Barber, Rex Theodore, Col

Deceased
 
 Service Photo   Service Details
34 kb
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Last Rank
Colonel
Last Primary AFSC/MOS
AAF MOS 1056-Pilot, Two-Engine Fighter
Last AFSC Group
Pilot (Officer)
Primary Unit
1945-1946, AAF MOS 1055, 29th Fighter Squadron
Service Years
1940 - 1961
Officer Collar Insignia
Colonel

 Last Photo   Personal Details 

34 kb

Home State
Oregon
Oregon
Year of Birth
1917
 
This Military Service Page was created/owned by SSgt Harry McCown (Mac) to remember Barber, Rex Theodore, Col USAF(Ret).

If you knew or served with this Airman and have additional information or photos to support this Page, please leave a message for the Page Administrator(s) HERE.
 
Contact Info
Home Town
Culver, Oregon
Last Address
Terrebonne, Oregon

Date of Passing
Jul 26, 2001
 
Location of Interment
Redmond Memorial Cemetery - Redmond, Oregon
Wall/Plot Coordinates
Section L, Plot 548

 Official Badges 




 Unofficial Badges 

Air Ace American Fighter Aces Congressional Gold Medal


 Military Associations and Other Affiliations
Air Force Memorial (AFM)American Fighter Aces Association
  2015, Air Force Memorial (AFM) [Verified] - Assoc. Page
  2015, American Fighter Aces Association


 Additional Information
Last Known Activity
Participated in Operation Vengeance, the mission to shoot down Admiral Yamamoto, and credited with his shoot down, however controversial... (See
http://b-29s-over-korea.com/rexbarber/barber.html)

Barber was born and raised in Culver, Oregon. He was a student at Oregon State University in Corvallis, Oregon for a period of time, before being drafted.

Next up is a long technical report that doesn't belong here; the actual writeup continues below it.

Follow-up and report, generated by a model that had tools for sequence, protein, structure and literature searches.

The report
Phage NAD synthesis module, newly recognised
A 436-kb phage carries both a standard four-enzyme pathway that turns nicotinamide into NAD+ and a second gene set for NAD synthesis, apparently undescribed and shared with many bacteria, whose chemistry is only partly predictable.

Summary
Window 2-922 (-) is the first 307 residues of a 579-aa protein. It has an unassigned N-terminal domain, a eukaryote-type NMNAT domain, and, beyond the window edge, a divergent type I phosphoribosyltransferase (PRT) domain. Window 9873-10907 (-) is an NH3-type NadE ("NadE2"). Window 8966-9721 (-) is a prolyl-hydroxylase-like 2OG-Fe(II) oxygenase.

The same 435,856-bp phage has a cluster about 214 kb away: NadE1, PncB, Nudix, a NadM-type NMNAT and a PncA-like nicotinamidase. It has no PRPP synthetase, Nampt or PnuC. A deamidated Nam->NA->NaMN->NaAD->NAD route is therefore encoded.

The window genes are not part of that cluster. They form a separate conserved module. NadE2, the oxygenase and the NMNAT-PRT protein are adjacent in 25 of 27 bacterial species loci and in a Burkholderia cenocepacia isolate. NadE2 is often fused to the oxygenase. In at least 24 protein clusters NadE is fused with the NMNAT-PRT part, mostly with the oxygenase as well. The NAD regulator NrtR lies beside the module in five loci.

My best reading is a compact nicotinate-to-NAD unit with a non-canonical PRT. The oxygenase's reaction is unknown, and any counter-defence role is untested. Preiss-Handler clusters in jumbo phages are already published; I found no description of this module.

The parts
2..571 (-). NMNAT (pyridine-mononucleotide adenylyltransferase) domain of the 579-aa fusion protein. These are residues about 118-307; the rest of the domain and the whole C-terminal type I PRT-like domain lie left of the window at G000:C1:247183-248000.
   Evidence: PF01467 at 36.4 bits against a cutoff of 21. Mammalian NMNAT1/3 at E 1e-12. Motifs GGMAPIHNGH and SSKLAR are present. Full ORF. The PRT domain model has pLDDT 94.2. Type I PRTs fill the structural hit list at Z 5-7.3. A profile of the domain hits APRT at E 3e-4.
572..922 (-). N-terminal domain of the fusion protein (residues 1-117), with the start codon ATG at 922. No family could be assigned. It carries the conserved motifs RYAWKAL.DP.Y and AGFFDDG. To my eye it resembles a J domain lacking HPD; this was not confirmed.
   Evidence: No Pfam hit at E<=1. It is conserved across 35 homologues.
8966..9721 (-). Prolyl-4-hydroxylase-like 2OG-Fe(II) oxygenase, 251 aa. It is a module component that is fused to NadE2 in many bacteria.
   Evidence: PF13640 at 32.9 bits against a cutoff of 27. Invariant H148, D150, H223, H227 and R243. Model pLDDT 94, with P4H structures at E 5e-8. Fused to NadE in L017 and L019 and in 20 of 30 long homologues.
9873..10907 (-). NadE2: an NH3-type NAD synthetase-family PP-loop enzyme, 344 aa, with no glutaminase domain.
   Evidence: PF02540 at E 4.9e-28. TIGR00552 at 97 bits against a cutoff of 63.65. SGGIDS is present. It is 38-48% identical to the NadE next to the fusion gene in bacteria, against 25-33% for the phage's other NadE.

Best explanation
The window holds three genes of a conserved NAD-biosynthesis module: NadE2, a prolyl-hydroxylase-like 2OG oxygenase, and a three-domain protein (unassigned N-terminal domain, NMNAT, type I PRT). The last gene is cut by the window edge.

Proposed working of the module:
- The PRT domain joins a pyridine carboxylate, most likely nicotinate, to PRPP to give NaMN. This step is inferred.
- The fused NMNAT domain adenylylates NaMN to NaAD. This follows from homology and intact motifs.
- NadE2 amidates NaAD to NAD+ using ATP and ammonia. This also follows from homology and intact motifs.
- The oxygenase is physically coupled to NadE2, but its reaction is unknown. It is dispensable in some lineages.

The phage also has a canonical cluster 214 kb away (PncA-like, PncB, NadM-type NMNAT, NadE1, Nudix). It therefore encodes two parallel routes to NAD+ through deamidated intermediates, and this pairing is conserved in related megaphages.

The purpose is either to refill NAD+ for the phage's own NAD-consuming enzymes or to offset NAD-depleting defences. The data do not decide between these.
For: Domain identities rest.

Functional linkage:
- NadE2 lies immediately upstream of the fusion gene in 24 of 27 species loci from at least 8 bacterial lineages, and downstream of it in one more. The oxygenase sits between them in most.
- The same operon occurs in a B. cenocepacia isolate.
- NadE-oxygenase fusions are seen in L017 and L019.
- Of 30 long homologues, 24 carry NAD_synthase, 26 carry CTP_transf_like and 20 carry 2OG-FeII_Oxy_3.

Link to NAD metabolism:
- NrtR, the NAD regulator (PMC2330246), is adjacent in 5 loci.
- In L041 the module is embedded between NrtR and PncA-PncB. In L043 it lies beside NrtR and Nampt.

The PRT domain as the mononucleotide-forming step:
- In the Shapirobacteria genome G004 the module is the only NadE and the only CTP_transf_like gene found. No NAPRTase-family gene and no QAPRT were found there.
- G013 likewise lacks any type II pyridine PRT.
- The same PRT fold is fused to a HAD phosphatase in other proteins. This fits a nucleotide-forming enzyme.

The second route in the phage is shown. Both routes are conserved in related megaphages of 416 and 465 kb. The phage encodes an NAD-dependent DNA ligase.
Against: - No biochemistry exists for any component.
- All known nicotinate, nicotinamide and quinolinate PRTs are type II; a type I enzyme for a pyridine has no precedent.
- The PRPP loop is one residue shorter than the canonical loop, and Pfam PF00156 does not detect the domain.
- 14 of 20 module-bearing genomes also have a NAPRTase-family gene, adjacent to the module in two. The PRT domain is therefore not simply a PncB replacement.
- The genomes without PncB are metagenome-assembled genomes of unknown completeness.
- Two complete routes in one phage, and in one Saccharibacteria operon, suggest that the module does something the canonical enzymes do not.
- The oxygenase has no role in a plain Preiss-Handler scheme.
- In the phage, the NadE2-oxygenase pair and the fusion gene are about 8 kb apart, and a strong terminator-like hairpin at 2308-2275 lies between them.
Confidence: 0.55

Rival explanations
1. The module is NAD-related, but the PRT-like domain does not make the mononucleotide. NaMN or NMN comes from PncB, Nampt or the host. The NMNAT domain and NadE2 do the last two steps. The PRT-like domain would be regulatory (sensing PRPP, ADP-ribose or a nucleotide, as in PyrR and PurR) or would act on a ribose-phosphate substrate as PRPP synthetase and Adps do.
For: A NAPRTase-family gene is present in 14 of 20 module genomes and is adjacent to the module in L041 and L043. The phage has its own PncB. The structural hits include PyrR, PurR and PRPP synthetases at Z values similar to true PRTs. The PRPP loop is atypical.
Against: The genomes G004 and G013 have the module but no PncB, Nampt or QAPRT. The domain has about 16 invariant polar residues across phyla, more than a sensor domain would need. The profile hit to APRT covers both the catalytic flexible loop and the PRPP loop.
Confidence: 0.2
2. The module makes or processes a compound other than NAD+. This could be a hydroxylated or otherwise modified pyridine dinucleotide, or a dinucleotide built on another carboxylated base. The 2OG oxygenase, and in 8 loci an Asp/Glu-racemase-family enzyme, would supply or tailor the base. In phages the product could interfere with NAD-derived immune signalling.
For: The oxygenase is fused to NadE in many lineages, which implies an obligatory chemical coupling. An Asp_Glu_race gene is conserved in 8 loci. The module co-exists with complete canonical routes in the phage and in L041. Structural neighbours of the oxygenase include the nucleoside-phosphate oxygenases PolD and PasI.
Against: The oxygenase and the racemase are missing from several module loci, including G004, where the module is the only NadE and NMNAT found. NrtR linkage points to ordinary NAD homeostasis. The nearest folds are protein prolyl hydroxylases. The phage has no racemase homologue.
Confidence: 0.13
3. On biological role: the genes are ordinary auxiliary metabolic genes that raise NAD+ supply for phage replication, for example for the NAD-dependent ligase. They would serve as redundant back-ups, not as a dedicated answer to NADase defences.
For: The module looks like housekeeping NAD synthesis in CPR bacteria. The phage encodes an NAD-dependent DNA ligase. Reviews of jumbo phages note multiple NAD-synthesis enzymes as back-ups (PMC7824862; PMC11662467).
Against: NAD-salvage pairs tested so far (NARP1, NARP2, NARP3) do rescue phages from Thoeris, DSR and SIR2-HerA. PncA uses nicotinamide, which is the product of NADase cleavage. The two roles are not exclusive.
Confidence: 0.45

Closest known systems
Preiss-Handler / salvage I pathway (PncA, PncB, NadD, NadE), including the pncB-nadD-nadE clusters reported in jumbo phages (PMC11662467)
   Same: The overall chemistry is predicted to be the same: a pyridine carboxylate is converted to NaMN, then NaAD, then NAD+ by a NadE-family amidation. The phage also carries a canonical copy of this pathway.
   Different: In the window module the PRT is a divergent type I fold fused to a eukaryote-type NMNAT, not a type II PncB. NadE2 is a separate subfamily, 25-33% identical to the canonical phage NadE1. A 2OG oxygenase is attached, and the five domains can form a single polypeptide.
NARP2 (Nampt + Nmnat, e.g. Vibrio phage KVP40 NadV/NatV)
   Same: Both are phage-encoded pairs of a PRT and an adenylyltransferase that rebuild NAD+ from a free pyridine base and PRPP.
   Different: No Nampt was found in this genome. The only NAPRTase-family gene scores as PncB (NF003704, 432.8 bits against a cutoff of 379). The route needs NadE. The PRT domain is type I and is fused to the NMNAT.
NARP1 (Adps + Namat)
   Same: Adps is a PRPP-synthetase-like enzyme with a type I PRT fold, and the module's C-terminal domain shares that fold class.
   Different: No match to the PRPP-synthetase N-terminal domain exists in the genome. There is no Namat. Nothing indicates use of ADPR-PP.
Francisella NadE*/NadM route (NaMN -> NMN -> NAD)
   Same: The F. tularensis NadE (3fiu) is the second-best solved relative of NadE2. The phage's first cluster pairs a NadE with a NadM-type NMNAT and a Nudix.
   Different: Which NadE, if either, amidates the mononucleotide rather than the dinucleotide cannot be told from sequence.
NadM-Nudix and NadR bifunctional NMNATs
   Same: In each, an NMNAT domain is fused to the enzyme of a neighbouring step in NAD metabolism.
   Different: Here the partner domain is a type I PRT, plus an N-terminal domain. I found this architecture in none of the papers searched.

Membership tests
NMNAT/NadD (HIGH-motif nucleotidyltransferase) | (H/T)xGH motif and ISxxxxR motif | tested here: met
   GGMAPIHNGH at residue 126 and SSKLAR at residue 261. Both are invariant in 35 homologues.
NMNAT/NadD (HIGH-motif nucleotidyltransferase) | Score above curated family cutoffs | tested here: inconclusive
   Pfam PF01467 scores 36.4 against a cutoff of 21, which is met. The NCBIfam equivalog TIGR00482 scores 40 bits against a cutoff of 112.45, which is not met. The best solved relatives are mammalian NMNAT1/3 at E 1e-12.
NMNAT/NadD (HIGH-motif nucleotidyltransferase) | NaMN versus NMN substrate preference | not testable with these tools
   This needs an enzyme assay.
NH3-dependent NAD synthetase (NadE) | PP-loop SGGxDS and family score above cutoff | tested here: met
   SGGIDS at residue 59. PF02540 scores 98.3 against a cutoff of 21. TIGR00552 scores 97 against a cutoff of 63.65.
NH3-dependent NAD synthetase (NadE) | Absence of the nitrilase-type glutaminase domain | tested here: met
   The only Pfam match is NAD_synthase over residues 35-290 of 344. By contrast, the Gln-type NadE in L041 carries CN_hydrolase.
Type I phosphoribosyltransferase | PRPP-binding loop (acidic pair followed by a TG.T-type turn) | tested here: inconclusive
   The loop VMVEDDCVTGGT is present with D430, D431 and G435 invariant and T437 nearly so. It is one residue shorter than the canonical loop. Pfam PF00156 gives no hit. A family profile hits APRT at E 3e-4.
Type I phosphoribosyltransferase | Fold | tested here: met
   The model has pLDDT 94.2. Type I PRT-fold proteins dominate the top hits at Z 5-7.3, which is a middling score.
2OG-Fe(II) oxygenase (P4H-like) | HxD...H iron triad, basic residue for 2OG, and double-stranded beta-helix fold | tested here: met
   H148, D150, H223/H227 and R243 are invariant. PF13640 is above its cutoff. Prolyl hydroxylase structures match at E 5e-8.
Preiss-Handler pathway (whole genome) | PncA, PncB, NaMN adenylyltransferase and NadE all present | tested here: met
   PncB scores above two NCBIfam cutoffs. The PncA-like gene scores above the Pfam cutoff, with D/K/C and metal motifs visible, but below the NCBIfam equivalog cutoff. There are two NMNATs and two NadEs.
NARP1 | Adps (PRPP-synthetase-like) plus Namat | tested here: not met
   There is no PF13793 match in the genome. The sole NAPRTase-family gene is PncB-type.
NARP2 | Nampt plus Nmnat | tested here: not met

[edit]Military service

Barber received his commission as a U.S. Army officer and his pilot's wings on October 31, 1941. He joined the 70th Pursuit Squadron, which arrived at Guadalcanal, Solomon Islands, in December 1942. Flying a Bell P-39, he scored his first victory by downing a Japanese bomber on the 28th. Upon transfer to the 339th Squadron, he began flying P-38 Lightnings and claimed two Zero fighters on April 7.

On April 18, Lieutenant Barber figured prominently in the Yamamoto interception. Intelligence sources had learned that Yamamoto would be flying in a "Betty" bomber on an inspection tour of Japanese bases in the northern Solomon Islands. Most military historians credit Barber with the sole kill of Yamamoto's aircraft. Previously, Barber and Captain Thomas George Lanphier, Jr. were officially credited with half a kill each in Yamamoto's bomber. Barber also shared a second Betty destroyed on the same mission. In 2003, he was officially credited with the sole kill after an inspection analyzed the crash site and determined the path of the bullet impacts, thereby validating Barber's account and invalidating Lanphier's claim.

After his tour of duty ended in June 1943, then-Captain Barber requested a return to combat. Late that year, he joined the 449th Fighter Squadron in China, still flying P-38s. He claimed three further Japanese planes probably destroyed and damaged, but he was shot down on his 139th mission, bailing out near Kiukiang on April 29. He was rescued by Chinese civilians, who treated his injuries and escorted him to safety five weeks later. At the end of the war, Barber attained the rank of major and commanded one of America's first jet squadrons. He retired as a colonel in 1961.

Barber was awarded the Navy Cross, two Silver Stars, a Purple Heart,an Air Medal and numerous other awards over his military career, including the Veterans of Foreign Wars Gold Medal of Merit.

Source: http://en.wikipedia.org/wiki/Rex_T._Barber

Detailed histories, all copywritten, can be found in the Notes/Links section
   
Other Comments:
Notes/Links:

http://bluebook.state.or.us/notable/notbarber.htm
http://b-29s-over-korea.com/rexbarber/barber.html
http://home.att.net/~jbaugher1/p38_18.html
http://www.madraspioneer.com/News.html#barber (info on assign)
http://www.oregon.com/history/biography/rex_barber.cfm
http://en.wikipedia.org/wiki/Rex_T._Barber
http://www.syma.org/oct99.pdf (correction of records regarding shoot down)